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one past editor of the concerned publication unit, who


was chosen by the outgoing editorial board, and
the dean of the Office of Student Services.

The editorial screening board shall have the following powers and
functions:
e. determine the criteria for the selection of the editorial
board.
f. prescribe the manner and procedures for the
implementation of the Editorial board competitive
examinations.
g. evaluate the credentials and select the incoming
members of the Editorial board based on the approved
criteria.

Printing
The HF and Vicissitude and all other collegiate,
department and organizational student publications are
printed by commercial printers chosen through the
University bidding process.

Campus Journalism Criteria

All publication units are enjoined to observe the following campus


journalism criteria:
1. The Lasallian Core Values
All recognized in-campus publication materials by students shall be
guided by the Lasallian core values of Faith, Zeal in service, and
Communion in mission.
2. Accuracy
The Editorial Board, together with the publication adviser shall ensure
accuracy of information and language use.
3. Journalists Code of Ethics
As befits responsible campus journalists, the Editorial Board, together
with the publication adviser shall observe the Filipino Journalists Code
of Ethics.

Selection of a Publication Adviser


To guarantee optimum development of campus journalists, all student
publication units shall see to it that faculty members recommended for the
publication advisership must possess the following:
1. Lasallian Core Values

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2. high degree of accuracy and fluency in the Filipino and English


language
3. extensive experience in advising campus paper and/or background
in journalism
4. not holding any administrative position, special institutional
assignment.
5. must satisfy the requirements provided by RA 7079 and any other
applicable laws
The members of the Editorial board of each of the student publication
units recommended faculty members for the members for the advisership
post. Each publication unit shall forward a list containing three (3) to five (5)
names of faculty members to the dean of the Student Services who then
recommends to the Vice Chancellor for Academics and Research (VCAR) for
final approval. If approved, the VCAR informs the chosen recommendee
through a correspondence, hence, secondary recipients, the OSS Dean and
the SPO Director also receive a copy. Whenever necessary, another list may
be requested.
Editorial Policies

All publications are required to have their set of editorial policies. No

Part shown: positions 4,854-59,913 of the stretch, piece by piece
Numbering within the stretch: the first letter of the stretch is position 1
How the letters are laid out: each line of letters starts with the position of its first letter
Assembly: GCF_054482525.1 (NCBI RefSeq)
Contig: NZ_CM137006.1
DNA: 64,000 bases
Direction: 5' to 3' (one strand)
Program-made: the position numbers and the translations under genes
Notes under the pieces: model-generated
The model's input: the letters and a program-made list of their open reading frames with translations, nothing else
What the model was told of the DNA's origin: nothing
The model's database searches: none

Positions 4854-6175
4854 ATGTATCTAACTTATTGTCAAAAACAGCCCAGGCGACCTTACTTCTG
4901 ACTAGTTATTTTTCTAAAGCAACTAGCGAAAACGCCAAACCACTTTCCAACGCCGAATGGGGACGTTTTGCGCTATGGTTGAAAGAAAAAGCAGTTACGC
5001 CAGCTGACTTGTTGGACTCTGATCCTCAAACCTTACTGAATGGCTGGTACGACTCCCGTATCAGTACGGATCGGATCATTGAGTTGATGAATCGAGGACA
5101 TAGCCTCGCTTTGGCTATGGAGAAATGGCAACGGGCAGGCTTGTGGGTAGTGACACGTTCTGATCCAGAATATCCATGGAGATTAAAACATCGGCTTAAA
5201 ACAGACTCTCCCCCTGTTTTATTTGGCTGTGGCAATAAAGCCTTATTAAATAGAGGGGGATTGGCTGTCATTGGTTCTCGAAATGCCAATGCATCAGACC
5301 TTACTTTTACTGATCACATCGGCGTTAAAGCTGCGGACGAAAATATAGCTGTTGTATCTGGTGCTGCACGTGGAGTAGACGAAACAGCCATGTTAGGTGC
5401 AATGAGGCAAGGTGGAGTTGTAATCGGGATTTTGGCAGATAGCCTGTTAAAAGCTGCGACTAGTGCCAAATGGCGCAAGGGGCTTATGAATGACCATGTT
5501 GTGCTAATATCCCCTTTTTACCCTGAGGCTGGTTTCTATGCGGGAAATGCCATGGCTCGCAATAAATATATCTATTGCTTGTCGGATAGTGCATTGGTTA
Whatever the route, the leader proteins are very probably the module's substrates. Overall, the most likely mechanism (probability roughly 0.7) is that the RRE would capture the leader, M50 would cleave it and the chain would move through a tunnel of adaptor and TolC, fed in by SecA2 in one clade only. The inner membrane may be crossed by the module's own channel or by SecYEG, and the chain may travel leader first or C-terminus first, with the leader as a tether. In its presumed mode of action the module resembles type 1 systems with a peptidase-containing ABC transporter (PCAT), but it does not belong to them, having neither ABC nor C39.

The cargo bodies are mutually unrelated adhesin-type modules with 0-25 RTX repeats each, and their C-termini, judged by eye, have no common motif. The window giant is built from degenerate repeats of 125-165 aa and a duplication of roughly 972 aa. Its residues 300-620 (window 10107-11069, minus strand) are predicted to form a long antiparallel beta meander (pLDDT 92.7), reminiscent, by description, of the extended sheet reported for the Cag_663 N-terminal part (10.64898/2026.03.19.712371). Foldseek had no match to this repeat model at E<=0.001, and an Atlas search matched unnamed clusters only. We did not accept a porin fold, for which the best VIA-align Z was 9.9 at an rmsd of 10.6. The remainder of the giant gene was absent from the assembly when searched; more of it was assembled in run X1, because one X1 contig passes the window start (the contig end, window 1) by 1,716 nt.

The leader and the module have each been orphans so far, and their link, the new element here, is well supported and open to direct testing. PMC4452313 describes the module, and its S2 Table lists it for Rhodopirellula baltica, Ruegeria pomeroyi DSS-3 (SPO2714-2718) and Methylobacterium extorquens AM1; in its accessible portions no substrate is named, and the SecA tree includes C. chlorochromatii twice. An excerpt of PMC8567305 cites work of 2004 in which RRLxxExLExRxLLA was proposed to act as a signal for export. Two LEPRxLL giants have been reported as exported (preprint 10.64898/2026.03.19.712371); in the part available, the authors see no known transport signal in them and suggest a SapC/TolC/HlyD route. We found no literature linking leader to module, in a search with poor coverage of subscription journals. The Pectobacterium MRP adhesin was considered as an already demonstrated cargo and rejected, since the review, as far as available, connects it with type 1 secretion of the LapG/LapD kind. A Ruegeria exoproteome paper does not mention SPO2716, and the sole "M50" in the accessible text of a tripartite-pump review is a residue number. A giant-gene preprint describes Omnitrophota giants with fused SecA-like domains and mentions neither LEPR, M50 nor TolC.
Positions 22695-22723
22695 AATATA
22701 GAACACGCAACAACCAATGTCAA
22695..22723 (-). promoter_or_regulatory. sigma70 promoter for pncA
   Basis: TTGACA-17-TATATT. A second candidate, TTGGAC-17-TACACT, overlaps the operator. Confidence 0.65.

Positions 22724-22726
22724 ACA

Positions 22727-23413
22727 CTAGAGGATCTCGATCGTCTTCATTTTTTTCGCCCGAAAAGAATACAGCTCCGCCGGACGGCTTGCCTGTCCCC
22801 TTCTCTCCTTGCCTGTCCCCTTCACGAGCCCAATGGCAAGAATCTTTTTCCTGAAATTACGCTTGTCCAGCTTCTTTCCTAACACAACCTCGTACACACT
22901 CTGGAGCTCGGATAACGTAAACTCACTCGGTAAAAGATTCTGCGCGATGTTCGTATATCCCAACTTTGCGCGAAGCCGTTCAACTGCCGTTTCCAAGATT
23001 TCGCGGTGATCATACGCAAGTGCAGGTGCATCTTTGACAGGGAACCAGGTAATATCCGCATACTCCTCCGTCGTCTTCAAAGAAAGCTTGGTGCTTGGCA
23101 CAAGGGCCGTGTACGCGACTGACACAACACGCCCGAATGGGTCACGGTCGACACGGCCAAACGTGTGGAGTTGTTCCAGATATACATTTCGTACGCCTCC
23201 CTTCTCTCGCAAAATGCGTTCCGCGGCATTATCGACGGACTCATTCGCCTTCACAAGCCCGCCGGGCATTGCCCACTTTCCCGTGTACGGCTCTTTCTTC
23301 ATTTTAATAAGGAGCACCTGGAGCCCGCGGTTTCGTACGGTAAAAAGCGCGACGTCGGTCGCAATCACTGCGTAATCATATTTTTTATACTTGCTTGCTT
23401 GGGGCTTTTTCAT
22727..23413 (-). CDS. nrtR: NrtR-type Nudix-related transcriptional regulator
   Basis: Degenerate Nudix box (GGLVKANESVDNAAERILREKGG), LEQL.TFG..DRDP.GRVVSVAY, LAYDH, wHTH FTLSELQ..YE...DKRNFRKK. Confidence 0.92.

student publication shall be allowed to operate without a set of editorial
policies.
Creation of a Student Publication

Any student organization/unit that plans to create a new student publication


must submit a concept paper, endorsed by the adviser and immediate heads
(chair and dean), to SPO prior to operation.

Selection of Editorial Board and Staff of a newly created student publication


must be done through a screening process facilitated by an ad hoc
committee convened and chaired by the SPO Director.

Vicissitude
Vicissitude is DLSU-Ds official yearbook. The recognized Vicissitude
Editorial Board, under the supervision of the SPO director, is generally
concerned with the preparation and production of the official yearbook. It
attends to the various phases of the production of the yearbook such as
editing, laying out, proofreading, choosing the artwork, etc.

Vicissitude envisions itself as an invaluable Lasallian partner in


preserving and upholding Lasallian pride, heritage and identity by producing
high-quality DLSU-D yearbooks that are worth-keeping for generations.
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GENERAL MEMBERSHIP

Each member of the Vicissitude Editorial Staff must be a bona fide student of
De La Salle University- Dasmarias who is committed to the values of
responsibility, creativity and service. A student who aspires to become a
member of Vicissitude must submit the following documents on the deadline
set:
An accomplished application form
Copy of grades earned (most recent semester)
Certificate of Registration (current semester)
The applicant must also pass the interview and examination
given.

EDITORIAL BOARD

The Vicissitude Editorial Board is a group of students empowered and


equipped to take responsibility for the timely production (conceptualizing to
printing) of the yearbook, with supervision of the SPO Director.

The Vicissitude Editorial Board is composed of seven (7) members: a. Editor-


in-Chief; b. Associate Editor; c. Managing Director; d. Director for Publicity
and Information; e. Creative Director; f. Director for Photography, and; g.
Content Director.

BENEFITS AND PRIVILEGES

Deserving Editorial Board/Staff members may be given any or all of the


following benefits and privileges:

Free in-campus/off-campus trainings on leadership, writing and


editing, photography, graphics and layouting, and other fields relevant
to yearbook production.
Free pictorial by Vicissitudes official photographer/photo studio.
Free yearbook copy (for Editorial Board/Staff members)
Tuition discounts

Bases for the granting of any or all of the abovementioned benefits and
privileges are as follows:

Seniority